current fed push pull DC-DC converter

i did open loop simulation in proteus.
Design Specification:-

Input Voltage: 10v-14v (varies b/w 10v to 14v)
Output Voltage:24V (constant)
Switching Frequency:50000Hz

for closed loop operation i need arduio coding, please someone help me,

I have written the code but its not working properly, concept of closed loop is depends on the input voltage the output will varries so output should be constant at 24v. by varrying the pulse width applied to the gate of the mosfet.

CODING that i have written:-

#include <LiquidCrystal.h>
#include <PWM.h>
LiquidCrystal lcd(12,11,7,6,5,4);
float duty_cycle=50;
uint32_t frequency = 50000;
void setup() {
Serial.begin(9600);
lcd.begin(16, 2);
lcd.print(“Welcome”);
InitTimersSafe();
bool success = SetPinFrequencySafe(3 , frequency);
bool success2 = SetPinFrequencySafe(9 , frequency);
if(success&success2) {
lcd.setCursor(0,1);
lcd.print(“Timer set”);
}
delay(300);
// put your setup code here, to run once:
}
void loop() {
// put your main code here, to run repeatedly:
float outputvolt= analogRead(A3);
float volt=(outputvolt*5/1023)*5;
if(volt==24)
{
pwmWrite(3, duty_cycle);
delayMicroseconds(10);
pwmWrite(9, duty_cycle);
}
else if(volt<24)
{
duty_cycle=duty_cycle+3;
pwmWrite(3, duty_cycle);
delayMicroseconds(10);
pwmWrite(9, duty_cycle);
}
else if(volt<23)
{
duty_cycle=duty_cycle+1;
pwmWrite(3, duty_cycle);
delayMicroseconds(10);
pwmWrite(9, duty_cycle);
}
else if(volt>28)
{
duty_cycle=duty_cycle-3;
pwmWrite(3, duty_cycle);
delayMicroseconds(10);
pwmWrite(9, duty_cycle);
}
else if(volt>25)
{
duty_cycle=duty_cycle-1;
pwmWrite(3, duty_cycle);
delayMicroseconds(10);
pwmWrite(9, duty_cycle);
}
lcd.setCursor(0,0);
lcd.print(“Volt=”);
lcd.print(volt);
lcd.print(“V”);
lcd.setCursor(0,1);
lcd.print(“Dutycycle=”);
lcd.print(duty_cycle);
lcd.print("%");
}

Hi,
Welcome to the forum.

Please read the first post in any forum entitled how to use this forum.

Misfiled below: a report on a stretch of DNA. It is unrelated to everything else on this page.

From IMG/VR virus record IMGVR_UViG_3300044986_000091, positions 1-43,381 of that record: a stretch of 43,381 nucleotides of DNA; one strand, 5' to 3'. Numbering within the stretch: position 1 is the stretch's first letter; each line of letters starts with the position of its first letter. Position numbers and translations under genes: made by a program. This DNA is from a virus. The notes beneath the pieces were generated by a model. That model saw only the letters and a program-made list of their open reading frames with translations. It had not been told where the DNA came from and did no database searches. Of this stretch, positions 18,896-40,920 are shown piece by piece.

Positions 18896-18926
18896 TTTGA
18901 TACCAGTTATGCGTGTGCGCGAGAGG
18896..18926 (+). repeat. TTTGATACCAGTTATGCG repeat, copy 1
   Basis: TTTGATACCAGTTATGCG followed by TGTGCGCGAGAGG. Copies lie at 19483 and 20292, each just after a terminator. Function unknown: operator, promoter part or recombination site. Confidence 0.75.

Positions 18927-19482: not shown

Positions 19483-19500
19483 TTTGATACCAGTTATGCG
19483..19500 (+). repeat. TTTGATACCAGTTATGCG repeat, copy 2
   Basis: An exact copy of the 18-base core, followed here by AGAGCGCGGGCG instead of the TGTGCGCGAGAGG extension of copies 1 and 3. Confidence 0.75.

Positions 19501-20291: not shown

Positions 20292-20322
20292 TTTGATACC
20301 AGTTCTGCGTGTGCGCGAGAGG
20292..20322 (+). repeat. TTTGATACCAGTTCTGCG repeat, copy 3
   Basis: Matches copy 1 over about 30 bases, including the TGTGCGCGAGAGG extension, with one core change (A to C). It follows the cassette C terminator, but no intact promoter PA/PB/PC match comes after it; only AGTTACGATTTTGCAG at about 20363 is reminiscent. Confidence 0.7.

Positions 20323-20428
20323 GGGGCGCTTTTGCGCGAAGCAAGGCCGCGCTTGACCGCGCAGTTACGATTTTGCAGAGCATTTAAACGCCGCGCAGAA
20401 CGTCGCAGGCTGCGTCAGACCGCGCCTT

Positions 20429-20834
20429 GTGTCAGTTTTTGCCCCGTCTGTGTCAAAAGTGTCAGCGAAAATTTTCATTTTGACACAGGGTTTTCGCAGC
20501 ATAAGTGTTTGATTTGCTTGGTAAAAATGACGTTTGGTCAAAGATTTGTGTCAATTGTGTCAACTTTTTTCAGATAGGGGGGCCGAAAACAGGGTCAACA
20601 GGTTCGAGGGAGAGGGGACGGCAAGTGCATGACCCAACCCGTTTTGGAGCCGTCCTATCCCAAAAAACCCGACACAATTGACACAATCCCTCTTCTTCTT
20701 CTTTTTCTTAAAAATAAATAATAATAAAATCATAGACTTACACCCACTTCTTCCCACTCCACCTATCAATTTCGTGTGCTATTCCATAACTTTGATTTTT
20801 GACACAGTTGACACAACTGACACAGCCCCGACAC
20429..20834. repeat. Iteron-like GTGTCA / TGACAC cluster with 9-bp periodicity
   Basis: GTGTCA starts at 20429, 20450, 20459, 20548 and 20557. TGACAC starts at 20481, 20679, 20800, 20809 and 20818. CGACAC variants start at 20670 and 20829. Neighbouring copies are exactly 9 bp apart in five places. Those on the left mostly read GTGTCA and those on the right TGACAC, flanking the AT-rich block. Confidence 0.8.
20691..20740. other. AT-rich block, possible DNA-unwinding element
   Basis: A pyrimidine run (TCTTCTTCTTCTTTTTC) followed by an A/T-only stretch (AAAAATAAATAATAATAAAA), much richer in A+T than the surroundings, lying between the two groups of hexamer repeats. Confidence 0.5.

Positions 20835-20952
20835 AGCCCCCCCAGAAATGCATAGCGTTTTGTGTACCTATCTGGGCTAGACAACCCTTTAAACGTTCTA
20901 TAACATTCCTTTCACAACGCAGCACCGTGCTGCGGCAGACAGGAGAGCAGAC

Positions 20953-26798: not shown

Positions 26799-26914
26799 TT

http://forum.arduino.cc/index.php/topic,148850.0.html then look down to item #7 about how to post your code.
It will be formatted in a scrolling window that makes it easier to read.

Can you please post a copy of your circuit, in CAD or a picture of a hand drawn circuit in jpg, png?

Thanks.. Tom.. :slight_smile:
PS Please do not Cross Post..

Welcome to the forum :slight_smile:

Please learn the basics, how to measure a voltage, what's PWM, how to drive MOSFETs, how to deal with Gnd, how to create scalable diagrams, etc.

If you have further questions remaining, come back and ask. You also may want to have a look at a PID implementation for Arduino.

I’m sure your schematic drawing software has an option to save the circuit as image instead of partial screen shots.

Sorry for the crude assessment but I see absolute beginner type code (a float will pretty much NEVER be equal to an integer value; no indentation; no pin naming but using the numbers; the ADC has a range of 1024 not 1023 as it starts at 0) for a highly advanced level project. That’s not boding well. You’ll have a LOT of learning to do.

sachinnaik:

float outputvolt= analogRead(A3);

float volt=(outputvolt*5/1023)*5;
if(volt==24)
{
pwmWrite(3, duty_cycle);
delayMicroseconds(10);
pwmWrite(9, duty_cycle);
}

This snippets sums up most of the issues with your code.

  • analogRead returns an integer 0-1023. Not a float. Floating point math takes heaps of memory and is slow.
  • divide by 1024.0 instead of 1023 (the range of 1024, and the .0 to force floating point here)
  • volt == 24 will almost always be false. You have to test for a range, e.g.
 if (abs(volt - 24) < 0.1) { // for voltage between 23.9 and 24.1V we consider it equal to 24.
  • duty_cycle is declared as float, but pwmWrite takes two byte values (i.e. range 0-255) as inputs.
  • pin numbers: give them a name, e.g.:
const byte MOSFET_PIN = 3;

pwmWrite(MOSFET_PIN, duty_cycle);

This makes your code much more readable, and if you change the pins later on for whatever reason you can simply change it at the top of your sketch instead of having to hunt down all the places where it’s used (and inevitably missing one or two).